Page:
Ned Kelly and the Green Sash, by Mark Greenwood

I do not pretend that I have led a blameless life, or that one fault justified another, but the public, judging a case like mine, should remember that the darkest life may have a bright side…

As a child, Ned Kelly saved another boy from drowning in a flooded creek, and was awarded a green sash for his heroism. But it was not this act of bravery for which Ned was to become famous – but for his career as an outlaw, begun just a few short years later.

Whilst there are have been dozens of books, stories, songs and poems about Ned Kelly’s life, Ned Kelly and the Green Sash offers a new insight into his childhood and into his character. The first person narrative presents Ned’s perspective of events, whilst the use of newspaper formats in the middle of the book offers the contrast of the opinions of the time. The gouache illustrations, by Frane Lessac, also give readers an insight into Kelly’s life, with the rich colours of the bush contrasting with the more subdued tones of the prison cell and the sepia tones of the newspaper spreads.

Author Mark Greenwood encourages readers to form their own opinions of Kelly’s actions, and the first person narrative, complemented with the news extracts and Ned’s own writing, as well as back of book notes, gives plenty of food for thought.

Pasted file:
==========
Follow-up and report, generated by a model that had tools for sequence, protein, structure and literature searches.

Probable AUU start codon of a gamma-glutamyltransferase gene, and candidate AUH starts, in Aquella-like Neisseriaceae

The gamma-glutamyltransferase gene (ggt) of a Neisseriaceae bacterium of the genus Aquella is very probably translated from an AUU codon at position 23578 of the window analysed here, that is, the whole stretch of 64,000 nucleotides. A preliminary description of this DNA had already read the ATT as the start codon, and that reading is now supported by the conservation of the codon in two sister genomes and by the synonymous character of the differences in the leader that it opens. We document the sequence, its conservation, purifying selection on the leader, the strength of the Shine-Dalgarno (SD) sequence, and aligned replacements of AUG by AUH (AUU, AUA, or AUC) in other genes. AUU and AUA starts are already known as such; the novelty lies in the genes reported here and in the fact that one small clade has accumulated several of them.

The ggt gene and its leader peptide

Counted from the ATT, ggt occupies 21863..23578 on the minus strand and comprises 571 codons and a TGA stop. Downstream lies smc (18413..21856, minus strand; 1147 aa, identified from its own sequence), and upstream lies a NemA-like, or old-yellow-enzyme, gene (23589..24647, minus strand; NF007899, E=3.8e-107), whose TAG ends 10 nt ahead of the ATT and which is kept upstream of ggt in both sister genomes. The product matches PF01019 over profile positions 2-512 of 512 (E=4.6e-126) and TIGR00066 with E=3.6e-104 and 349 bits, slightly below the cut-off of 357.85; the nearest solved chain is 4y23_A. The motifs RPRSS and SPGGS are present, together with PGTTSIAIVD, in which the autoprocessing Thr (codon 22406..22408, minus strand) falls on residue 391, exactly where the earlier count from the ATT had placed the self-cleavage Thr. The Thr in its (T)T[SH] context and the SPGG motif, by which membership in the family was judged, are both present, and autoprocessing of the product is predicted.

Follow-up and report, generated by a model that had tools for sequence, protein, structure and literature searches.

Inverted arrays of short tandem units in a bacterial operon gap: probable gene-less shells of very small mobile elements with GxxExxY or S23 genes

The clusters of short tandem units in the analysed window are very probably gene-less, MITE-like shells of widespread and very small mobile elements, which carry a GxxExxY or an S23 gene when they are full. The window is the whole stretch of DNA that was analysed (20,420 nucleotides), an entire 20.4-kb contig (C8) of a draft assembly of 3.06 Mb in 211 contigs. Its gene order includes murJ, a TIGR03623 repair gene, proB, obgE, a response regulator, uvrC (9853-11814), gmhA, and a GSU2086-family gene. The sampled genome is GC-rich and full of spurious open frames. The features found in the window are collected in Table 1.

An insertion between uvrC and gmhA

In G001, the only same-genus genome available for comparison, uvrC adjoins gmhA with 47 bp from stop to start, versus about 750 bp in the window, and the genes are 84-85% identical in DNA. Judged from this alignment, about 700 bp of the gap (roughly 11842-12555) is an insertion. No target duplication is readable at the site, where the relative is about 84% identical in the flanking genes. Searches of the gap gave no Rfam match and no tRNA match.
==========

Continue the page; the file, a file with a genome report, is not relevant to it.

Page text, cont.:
A wonderful offering for children of all ages.

Ned Kelly and the Green Sash

Ned Kelly and the Green Sash, by Mark Greenwood & Frane Lessac
Walker Books Australia, 2010

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The Marriage Club, by Kate Legge

In the ensuite she washes briskly, her mind busy with all she must accomplish today. In her mirror, her face is a medley of excitement and sadness. Tears brim in her hazel eyes. She blinks them back, telling herself she’s no time for second thoughts.